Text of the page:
News and Stories - Health - 29th May 2015

Menstrual Hygiene

Menstrual Hygiene

Pads, knowledge and confidence: keeping teenage girls in school

Many girls miss four or five days of school when they get their period each month and fall behind in their learning. Eventually many of these girls (1 in 10 in Uganda) drop out of school entirely, increasing their likelihood of pregnancy and early marriage, while limiting their future career and economic opportunities.

What is Plan doing?

Plan is influencing change throughout communities. This involves:

  • Working in schools with teachers, students and school health clubs to improve their knowledge and attitudes around reproductive health and how girls can manage their periods.
  • Making AfriPads accessible to girls. AfriPads are reusable and affordable sanitary pads, which girls can use instead of alternatives like newspaper or scraps of old clothes. They are made locally and ethically in Uganda.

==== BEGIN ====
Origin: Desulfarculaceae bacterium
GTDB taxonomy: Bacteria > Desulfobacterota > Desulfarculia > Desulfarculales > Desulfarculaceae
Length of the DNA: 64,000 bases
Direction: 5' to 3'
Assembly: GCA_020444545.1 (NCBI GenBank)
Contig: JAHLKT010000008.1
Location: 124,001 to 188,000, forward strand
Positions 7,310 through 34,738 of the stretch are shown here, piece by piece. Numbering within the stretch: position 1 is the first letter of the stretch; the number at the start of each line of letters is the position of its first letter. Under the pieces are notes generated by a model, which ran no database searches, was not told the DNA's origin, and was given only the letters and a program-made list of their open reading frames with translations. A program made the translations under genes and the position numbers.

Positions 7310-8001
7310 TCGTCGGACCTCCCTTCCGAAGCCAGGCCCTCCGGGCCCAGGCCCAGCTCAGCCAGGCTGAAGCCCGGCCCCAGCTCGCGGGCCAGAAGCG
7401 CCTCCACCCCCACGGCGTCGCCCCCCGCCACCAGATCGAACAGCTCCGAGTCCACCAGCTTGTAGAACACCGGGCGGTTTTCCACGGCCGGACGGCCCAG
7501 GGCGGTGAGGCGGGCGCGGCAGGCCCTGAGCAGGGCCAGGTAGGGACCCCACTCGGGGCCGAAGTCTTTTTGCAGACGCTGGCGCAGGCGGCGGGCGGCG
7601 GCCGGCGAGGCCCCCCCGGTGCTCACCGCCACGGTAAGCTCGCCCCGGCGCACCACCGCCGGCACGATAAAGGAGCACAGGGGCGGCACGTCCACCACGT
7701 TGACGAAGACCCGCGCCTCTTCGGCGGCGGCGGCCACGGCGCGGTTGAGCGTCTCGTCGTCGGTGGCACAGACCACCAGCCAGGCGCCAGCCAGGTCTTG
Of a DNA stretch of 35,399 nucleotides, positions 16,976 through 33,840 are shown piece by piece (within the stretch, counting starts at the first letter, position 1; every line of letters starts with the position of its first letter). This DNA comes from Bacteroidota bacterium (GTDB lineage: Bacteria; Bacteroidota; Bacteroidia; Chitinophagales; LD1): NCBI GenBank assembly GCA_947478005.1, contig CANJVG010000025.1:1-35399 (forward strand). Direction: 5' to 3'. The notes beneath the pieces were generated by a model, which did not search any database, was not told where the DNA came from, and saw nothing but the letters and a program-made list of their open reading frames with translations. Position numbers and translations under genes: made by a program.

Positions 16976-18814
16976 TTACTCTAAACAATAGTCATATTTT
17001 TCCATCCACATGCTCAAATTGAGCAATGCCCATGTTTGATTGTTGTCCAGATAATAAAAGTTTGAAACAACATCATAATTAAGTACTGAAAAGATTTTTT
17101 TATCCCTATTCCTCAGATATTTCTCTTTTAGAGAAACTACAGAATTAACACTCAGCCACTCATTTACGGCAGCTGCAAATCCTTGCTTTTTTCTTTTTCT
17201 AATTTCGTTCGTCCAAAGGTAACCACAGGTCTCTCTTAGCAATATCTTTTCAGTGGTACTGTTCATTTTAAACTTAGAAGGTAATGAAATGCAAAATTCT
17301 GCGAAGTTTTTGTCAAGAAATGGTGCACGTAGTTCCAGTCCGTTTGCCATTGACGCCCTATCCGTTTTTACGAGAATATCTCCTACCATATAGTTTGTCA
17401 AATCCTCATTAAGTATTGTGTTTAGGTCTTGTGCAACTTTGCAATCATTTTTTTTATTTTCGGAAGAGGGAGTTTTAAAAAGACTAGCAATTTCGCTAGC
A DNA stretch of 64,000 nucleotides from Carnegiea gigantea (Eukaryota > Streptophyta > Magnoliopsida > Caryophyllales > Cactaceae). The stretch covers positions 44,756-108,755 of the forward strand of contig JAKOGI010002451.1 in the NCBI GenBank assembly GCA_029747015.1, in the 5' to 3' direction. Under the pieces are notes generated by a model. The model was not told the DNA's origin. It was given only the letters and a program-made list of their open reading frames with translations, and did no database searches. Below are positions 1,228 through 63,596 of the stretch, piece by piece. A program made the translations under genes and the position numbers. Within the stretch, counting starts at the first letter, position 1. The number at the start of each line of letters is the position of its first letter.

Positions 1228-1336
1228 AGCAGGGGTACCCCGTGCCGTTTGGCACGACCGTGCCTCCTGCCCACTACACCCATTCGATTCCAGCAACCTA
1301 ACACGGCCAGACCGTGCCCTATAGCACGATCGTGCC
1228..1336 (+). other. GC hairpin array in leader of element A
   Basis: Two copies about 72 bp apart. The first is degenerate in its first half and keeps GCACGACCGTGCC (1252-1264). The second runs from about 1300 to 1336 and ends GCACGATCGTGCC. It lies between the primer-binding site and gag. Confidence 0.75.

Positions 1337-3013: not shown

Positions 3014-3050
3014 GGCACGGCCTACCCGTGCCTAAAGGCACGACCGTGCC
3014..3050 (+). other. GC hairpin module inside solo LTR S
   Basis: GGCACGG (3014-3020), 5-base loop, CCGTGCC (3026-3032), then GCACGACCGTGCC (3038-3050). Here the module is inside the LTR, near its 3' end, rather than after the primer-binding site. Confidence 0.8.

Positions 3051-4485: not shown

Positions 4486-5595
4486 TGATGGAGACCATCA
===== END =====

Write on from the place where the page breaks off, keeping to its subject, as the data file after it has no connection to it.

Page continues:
women sewing sanitary items

Quick facts:

  • Many girls miss out on school when they get their period. 1 in 10 drop out of school altogether.
  • Girls without access to education about their period often believe myths related to periods. For example, if you walk past a crop while menstruating it will die. Or having sex will cure period pain.
  • Girls without access to sanitary products are resorting to alternatives like old leaves, wads of newspaper or old leaves.
  • Plan is working in developing countries to help girls understand what is happening to their bodies when they menstruate, and improve accessibility to AfriPads.

You can support projects like this by creating Change for Girls or making a one-off donation to Plan.

boys taught about periods and sanitary items

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